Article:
Weapons of Mass Destruction:
Reducing the Threat From the Former Soviet Union
NSIAD-95-7, Oct 6, 1994
Pursuant to a congressional request, GAO reviewed the Department of Defense's (DOD) Cooperative Threat Reduction Program (CTR) to reduce threats from weapons of mass destruction in the former Soviet Union, focusing on the program's: (1) progress in implementing projects and obligating funds; (2) overall planning; (3) potential impact; and (4) use of funds for nonpriority objectives.
GAO found that: (1) DOD plans to obligate 81 percent of CTR funds for 36 projects that focus primarily on three CTR priority objectives; (2) CTR obligations and spending have been slowed by the need to establish agreements with new Soviet republics and complexities caused by authorizing legislation; (3) DOD plans to allocate $400 million for CTR projects in fiscal year 1995 and to request $400 million annually for future CTR projects; (4) the CTR budget will top $3 billion dollars if all planned CTR spending is approved; (5) CTR officials have not established a long-term planning process, prepared a multiyear plan and requirement-based funding profile, or implemented an audit and examination process; (6) the program's long-term impact is unclear and appears to vary widely from project to project; (7) CTR priority objectives include nuclear warhead dismantlement, safety and security, strategic delivery vehicles, chemical weapons, and nonproliferation; and (8) DOD plans to spend $153 million on nonpriority CTR objectives and will emphasize defense conversion over nonproliferation in deciding future CTR project funding despite its uncertain prospects for success.
- Review Pending
- Closed - implemented
- Closed - not implemented
Recommendation for Executive Action
Recommendation: The Secretary of Defense should institute a proactive, long-term CTR planning process to help DOD properly allocate the billions of dollars it hopes to spend over the next several years among many competing--and shifting--demands. Such a planning process should incorporate estimates of total requirements for achieving CTR objectives, prioritization of competing objectives, evaluations of projects, and assessments of what U.S. aid could reasonably achieve in overcoming obstacles confronting CTR objectives. Under this planning process, DOD officials should periodically revise and update the plan and use it in producing annual budget submissions that are keyed to achieving priority CTR goals.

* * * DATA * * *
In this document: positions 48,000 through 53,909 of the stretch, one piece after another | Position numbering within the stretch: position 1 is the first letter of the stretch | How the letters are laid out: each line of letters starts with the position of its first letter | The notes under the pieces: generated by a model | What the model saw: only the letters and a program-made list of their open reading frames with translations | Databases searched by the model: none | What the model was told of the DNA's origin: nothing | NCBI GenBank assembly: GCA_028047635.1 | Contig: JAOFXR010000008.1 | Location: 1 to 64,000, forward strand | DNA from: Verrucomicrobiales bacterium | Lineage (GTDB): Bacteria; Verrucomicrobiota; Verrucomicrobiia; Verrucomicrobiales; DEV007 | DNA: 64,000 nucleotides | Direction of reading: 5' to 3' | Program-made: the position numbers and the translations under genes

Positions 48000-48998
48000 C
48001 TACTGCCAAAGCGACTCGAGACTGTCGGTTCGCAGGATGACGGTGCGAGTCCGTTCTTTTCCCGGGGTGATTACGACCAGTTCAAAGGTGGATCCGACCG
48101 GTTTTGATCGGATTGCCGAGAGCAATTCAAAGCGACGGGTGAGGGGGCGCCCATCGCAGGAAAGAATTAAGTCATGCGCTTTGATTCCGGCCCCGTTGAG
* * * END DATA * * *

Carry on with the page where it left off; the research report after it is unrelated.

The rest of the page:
Agency Affected: Department of Defense
Status: Closed - Implemented
Comments: The National Defense Authorization Act for Fiscal Year 1995 required that DOD: (1) submit a report that estimated the total amount required to be expended by the United States in order to achieve the objectives of the Cooperative Threat Reduction (CTR) program; and (2) prepare a multiyear plan for the use of amounts and other resources provided by the United States for the CTR program and to provide guidance for preparation of annual budget submissions. In March 1995, DOD issued its strategic plan that incorporated these elements and intends to update the plan annually.
Matters for Congressional Consideration
Matter: Given the uncertainties concerning defense conversion in Russia, Congress may wish to consider withholding large-scale funding for future Russian defense conversion projects until the initial results of currently funded projects have been assessed.
Status: Closed - Implemented
Comments: In accordance with the Emergency Supplemental Appropriation Act, P.L. 104-6, $20 million was rescinded from the Fiscal Year 1995 Former Soviet Union Threat Reduction Appropriation for housing, defense conversion, and the Defense Enterprise Fund.
Matter: Because the executive branch has not clearly articulated U.S. objectives with regard to the storage facility, Congress may wish to consider requiring the executive branch to provide a detailed explanation of how the nuclear material storage facility will: (1) serve U.S. nonproliferation interests; and (2) directly affect Russian warhead dismantlement.
Status: Closed - Not Implemented
Comments: H.R. 1530, passed by the House of Representatives in June 1995, only approves $6 million for continued design activities associated with a fissile material storage facility in Russia. The bill denied $23 million in requested construction funds for the storage facility.